Harriet Martineau, Saxe Weimar, and numerous other antebellum writers described New Orleans free women of color as promiscuous, seductive characters who sought partnerships with wealthy white men so they could live a life of leisure. Indeed,…

Le Petit Salon was once the most exclusive and prestigious private women’s organization in New Orleans. Founded in 1924 and described as a “circle of distinguished ladies,” the Salon quickly became an influential player in the cultural revival…

In March 1923, an oak tree was planted in Palmer Park to honor the death of Julia Blocker Montgomery, a nearby resident. The Daughters of the American Revolution dedicated the tree in memory of Montgomery, who often played with children in the park.…

During the Second World War, a labor shortage developed as men began to serve in the armed forces. Women were increasingly encouraged to take over responsibilities on the home front. Women took jobs of all types: skilled and unskilled, manual and…

In 1897, Newcomb College was becoming cramped, and President Dixon found himself writing to the President of Tulane. He expressed the need for another dorm to house all the girls and accommodate the growing College. In response, the Gables was added…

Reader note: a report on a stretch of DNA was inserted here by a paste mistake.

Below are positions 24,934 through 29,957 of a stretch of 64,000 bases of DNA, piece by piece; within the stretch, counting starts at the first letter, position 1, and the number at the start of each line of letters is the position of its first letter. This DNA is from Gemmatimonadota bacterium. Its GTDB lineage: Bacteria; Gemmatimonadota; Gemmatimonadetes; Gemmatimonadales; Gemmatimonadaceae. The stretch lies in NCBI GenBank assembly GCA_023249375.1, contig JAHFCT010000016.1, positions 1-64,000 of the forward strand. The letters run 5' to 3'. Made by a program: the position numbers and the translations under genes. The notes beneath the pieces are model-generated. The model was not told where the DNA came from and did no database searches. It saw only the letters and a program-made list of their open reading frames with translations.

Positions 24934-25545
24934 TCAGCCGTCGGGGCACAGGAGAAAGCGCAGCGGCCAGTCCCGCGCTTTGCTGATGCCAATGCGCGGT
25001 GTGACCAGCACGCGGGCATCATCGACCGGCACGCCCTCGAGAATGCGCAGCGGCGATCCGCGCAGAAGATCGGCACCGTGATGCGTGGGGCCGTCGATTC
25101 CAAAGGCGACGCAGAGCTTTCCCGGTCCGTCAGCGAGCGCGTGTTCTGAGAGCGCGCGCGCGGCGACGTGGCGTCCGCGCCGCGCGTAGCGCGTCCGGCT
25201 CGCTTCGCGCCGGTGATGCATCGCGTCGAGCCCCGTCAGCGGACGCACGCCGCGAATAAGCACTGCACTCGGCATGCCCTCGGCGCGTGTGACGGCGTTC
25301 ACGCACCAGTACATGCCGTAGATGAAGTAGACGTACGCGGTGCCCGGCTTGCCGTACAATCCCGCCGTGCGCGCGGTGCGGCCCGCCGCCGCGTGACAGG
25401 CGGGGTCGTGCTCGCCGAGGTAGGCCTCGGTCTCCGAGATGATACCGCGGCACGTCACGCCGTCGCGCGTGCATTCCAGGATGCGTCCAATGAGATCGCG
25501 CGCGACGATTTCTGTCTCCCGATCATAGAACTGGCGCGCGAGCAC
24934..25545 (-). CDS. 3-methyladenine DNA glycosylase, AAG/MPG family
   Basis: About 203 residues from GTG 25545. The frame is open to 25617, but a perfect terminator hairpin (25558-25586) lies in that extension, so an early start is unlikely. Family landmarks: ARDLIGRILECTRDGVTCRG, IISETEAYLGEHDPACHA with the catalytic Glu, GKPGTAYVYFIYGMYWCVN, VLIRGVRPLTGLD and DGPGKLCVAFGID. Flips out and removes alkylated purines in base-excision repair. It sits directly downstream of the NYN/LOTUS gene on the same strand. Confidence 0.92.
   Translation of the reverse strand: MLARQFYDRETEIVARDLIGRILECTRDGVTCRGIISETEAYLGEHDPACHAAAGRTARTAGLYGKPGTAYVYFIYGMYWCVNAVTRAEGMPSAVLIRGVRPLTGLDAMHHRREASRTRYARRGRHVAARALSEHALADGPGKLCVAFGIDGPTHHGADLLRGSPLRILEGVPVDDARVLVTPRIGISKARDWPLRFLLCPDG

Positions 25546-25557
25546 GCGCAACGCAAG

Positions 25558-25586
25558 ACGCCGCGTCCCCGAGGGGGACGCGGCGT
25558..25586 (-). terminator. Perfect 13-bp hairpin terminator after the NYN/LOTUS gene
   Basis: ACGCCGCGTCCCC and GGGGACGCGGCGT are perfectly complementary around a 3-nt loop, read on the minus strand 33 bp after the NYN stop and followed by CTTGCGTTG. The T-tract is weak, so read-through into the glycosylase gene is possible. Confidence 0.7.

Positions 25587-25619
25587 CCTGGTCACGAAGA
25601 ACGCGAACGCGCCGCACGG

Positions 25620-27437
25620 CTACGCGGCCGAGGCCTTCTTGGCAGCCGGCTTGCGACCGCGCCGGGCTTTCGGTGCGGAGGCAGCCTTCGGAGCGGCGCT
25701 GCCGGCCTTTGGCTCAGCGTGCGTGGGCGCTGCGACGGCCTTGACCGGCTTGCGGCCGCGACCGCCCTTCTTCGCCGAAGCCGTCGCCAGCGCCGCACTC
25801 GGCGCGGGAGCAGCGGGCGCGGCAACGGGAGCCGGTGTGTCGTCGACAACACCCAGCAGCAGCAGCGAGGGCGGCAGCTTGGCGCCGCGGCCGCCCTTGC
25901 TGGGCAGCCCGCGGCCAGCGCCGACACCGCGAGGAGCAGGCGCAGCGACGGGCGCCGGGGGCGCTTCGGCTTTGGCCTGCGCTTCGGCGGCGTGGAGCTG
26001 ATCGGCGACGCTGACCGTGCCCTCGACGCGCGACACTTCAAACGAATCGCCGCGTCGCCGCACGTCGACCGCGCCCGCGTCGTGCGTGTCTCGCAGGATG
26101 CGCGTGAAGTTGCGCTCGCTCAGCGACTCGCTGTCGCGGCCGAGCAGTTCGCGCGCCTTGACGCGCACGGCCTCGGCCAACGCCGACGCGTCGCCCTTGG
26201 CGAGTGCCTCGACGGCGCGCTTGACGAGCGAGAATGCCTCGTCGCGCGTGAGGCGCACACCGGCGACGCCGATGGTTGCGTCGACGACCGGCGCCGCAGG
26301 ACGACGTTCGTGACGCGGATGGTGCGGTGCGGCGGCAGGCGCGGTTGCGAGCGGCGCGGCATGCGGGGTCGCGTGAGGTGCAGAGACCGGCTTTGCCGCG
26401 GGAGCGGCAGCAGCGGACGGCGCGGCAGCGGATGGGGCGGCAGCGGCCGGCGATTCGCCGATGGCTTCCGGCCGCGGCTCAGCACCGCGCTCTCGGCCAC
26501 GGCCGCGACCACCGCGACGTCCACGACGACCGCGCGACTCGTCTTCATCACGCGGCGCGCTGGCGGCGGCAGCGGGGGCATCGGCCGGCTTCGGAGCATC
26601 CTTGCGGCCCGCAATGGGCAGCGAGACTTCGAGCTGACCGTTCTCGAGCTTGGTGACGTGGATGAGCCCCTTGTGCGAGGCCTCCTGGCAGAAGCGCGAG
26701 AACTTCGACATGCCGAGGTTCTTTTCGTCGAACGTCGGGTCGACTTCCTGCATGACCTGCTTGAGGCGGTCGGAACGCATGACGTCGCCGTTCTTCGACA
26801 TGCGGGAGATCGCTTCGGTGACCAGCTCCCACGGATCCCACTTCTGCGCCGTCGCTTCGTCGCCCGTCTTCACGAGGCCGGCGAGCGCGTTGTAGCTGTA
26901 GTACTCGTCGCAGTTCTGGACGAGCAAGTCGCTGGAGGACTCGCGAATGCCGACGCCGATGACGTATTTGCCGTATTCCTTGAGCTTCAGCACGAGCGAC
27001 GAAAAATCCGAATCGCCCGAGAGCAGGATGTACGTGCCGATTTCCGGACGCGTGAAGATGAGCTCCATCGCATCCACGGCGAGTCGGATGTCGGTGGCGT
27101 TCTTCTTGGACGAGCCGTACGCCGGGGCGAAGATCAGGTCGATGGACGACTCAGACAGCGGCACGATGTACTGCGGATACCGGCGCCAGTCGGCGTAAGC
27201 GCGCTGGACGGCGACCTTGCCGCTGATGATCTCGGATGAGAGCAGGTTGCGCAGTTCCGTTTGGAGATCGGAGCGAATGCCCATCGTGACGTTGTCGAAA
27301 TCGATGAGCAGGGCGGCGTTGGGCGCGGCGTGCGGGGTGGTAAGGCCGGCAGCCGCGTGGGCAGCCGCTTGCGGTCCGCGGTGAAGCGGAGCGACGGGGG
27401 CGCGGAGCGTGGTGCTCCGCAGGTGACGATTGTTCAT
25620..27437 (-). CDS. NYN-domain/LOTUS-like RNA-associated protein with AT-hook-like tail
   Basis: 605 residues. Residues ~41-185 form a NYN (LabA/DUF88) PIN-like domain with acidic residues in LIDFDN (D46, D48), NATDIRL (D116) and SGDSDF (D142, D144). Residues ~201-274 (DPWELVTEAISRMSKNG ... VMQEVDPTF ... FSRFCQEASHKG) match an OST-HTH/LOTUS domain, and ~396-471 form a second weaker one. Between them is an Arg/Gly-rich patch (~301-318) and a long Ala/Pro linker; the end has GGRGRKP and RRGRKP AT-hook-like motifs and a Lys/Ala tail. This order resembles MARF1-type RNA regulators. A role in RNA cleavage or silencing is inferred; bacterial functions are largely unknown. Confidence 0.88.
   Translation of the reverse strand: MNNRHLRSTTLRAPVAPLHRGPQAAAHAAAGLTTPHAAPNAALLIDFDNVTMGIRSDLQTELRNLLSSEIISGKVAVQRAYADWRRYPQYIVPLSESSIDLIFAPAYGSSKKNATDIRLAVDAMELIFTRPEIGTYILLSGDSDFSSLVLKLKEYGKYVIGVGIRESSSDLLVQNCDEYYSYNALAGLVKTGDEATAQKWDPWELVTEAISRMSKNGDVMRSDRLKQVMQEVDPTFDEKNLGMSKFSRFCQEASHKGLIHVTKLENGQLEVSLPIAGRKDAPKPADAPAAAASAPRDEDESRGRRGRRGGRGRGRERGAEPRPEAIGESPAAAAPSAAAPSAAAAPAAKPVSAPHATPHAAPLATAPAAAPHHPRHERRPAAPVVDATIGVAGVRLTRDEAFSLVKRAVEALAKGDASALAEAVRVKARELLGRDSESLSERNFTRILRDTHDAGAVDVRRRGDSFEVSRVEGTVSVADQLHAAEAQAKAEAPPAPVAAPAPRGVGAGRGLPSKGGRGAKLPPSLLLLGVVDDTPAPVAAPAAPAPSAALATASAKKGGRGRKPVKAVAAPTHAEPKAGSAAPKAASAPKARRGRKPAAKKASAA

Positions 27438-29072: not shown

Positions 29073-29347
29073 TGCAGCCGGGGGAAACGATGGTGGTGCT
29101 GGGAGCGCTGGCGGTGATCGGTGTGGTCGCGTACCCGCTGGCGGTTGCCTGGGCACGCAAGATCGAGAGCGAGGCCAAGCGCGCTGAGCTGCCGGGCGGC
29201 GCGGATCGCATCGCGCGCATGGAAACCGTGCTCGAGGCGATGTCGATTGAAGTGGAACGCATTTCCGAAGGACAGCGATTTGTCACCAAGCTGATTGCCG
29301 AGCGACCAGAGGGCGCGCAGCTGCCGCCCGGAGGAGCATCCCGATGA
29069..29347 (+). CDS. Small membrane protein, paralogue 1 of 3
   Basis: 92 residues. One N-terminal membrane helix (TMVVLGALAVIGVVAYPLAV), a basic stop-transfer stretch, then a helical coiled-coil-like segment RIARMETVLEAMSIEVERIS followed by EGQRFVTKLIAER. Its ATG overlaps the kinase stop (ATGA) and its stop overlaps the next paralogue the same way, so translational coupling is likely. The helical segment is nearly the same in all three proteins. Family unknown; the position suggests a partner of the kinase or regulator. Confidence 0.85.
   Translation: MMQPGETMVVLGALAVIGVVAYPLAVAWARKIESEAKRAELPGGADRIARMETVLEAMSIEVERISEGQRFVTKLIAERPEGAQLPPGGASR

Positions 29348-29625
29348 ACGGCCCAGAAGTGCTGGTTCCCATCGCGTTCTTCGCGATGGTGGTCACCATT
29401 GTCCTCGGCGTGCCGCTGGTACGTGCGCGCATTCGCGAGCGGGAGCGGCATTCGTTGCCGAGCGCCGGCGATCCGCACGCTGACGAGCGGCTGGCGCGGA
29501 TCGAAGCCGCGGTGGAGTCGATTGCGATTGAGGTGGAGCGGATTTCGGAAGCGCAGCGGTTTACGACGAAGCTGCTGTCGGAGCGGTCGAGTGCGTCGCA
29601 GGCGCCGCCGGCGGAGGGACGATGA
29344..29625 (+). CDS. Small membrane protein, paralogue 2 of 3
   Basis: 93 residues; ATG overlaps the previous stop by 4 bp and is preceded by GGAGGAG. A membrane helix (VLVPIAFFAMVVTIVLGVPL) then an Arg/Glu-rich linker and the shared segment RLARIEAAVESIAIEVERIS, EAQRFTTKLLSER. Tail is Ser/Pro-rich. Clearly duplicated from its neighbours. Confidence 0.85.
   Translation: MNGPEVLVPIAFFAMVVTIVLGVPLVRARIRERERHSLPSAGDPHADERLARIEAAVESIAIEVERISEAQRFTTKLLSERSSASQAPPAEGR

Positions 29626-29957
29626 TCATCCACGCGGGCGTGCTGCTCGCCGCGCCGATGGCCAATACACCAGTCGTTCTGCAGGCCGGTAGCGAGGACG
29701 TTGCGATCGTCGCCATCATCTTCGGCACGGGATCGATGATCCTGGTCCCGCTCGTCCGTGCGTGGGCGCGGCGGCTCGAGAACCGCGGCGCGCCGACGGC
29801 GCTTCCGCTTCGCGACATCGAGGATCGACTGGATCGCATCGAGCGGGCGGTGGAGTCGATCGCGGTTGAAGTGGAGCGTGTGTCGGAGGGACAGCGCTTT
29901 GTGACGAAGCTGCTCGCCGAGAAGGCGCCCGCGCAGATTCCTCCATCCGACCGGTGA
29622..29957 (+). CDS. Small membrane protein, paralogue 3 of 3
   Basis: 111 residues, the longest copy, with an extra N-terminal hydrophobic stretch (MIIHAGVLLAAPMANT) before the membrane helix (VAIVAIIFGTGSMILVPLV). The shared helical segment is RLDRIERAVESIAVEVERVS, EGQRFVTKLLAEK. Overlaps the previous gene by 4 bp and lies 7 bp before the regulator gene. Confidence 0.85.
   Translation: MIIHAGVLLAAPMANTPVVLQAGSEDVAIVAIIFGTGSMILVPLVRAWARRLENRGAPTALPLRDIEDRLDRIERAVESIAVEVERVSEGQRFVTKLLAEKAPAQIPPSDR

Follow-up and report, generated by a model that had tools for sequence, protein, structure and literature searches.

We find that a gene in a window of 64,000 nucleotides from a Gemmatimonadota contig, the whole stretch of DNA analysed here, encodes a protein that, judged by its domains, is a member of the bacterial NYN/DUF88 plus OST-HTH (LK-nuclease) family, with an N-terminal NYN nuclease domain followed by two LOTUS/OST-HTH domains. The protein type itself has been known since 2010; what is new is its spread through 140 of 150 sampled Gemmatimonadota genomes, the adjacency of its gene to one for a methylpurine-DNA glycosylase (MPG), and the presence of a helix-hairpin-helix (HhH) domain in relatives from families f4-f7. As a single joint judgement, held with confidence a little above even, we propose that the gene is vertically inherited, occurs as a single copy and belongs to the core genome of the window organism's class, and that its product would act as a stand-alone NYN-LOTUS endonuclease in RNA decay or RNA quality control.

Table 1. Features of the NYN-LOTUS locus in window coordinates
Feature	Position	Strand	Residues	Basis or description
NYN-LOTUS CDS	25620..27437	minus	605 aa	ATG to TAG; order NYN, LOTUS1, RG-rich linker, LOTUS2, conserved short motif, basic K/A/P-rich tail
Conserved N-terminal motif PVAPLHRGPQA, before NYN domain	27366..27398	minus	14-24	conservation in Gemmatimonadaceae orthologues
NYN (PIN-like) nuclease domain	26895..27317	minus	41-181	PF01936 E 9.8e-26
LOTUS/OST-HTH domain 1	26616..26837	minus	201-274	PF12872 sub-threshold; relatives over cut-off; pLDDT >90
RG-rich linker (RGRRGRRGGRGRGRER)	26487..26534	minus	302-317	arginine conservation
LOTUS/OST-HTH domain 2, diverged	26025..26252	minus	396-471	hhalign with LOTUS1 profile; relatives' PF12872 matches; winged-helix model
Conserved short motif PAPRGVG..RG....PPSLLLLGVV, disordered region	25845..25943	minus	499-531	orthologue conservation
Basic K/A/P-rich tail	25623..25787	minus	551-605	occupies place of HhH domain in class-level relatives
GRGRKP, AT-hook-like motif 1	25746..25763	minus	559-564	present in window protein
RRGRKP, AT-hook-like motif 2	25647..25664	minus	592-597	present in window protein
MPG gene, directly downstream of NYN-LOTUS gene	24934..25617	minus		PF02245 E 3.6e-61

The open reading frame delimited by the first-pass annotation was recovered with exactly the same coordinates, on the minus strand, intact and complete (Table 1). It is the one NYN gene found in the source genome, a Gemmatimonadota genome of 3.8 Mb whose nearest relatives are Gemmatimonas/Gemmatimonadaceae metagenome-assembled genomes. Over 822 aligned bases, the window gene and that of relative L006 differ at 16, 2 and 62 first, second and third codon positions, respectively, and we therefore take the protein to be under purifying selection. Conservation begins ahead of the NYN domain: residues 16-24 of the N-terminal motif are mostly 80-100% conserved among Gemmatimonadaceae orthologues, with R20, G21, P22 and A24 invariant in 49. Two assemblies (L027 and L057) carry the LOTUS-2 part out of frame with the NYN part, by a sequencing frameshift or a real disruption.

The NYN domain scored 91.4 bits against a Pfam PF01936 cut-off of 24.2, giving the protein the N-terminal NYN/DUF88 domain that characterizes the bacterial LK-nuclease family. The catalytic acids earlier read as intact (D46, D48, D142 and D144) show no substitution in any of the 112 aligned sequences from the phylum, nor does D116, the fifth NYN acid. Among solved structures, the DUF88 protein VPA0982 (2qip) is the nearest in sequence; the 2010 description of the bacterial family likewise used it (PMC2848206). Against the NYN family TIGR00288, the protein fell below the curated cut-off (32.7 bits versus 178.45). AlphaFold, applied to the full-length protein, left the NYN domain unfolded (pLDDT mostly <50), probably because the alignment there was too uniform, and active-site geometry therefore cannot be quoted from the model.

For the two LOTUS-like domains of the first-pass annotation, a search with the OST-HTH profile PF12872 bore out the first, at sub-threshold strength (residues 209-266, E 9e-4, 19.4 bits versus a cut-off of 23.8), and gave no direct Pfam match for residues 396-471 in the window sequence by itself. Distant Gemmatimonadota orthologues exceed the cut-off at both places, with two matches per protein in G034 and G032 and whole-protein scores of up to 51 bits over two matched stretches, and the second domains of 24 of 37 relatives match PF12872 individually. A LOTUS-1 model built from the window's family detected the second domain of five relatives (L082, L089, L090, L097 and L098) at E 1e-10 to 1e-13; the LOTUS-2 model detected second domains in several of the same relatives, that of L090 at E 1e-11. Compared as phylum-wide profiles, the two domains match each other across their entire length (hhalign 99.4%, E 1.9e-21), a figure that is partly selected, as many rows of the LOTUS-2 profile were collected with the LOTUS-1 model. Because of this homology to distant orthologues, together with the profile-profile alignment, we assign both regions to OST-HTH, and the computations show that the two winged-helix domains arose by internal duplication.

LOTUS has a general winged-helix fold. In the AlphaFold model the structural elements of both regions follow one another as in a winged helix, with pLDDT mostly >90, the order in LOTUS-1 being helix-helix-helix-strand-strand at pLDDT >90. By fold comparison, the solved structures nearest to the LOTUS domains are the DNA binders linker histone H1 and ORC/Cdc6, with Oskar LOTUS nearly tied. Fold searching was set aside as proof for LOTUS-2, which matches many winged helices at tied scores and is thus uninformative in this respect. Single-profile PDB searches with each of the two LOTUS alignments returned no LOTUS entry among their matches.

Newcomb administrators and faculty members were rather unique in their ideas about the physical education of women, especially when compared to other schools at the time. Dixon hired Clara Baer to meet the challenge of winning over students and their…

Built soon after the end of the Civil War, Warren House was later named after Mrs. Newcomb's deceased husband, Warren Newcomb. The building was secured by the Tulane Educational Fund for Newcomb College in 1903 and served as a residence hall for the…

Under the guidance of Ellsworth Woodward, the Newcomb pottery program began flourishing in the mid-1890s. In 1896, the first public display of the pottery produced by the students was presented, to polite enthusiasm. In March 1900, the program was…

Mrs. Newcomb bought this house across from the Washington Avenue campus for a residence hall for the growing school in 1894. The original Josephine Louise House was managed by Alice Bowman, who was charged with both running the household and managing…

The chapel held a particular spot in Mrs. Newcomb's heart, as she saw it as symbolic of her daughter, Sophie. Mrs. Newcomb ordered Tiffany windows for this building, as well as a specially built organ and a bronze memorial tablet for Harriott Sophie…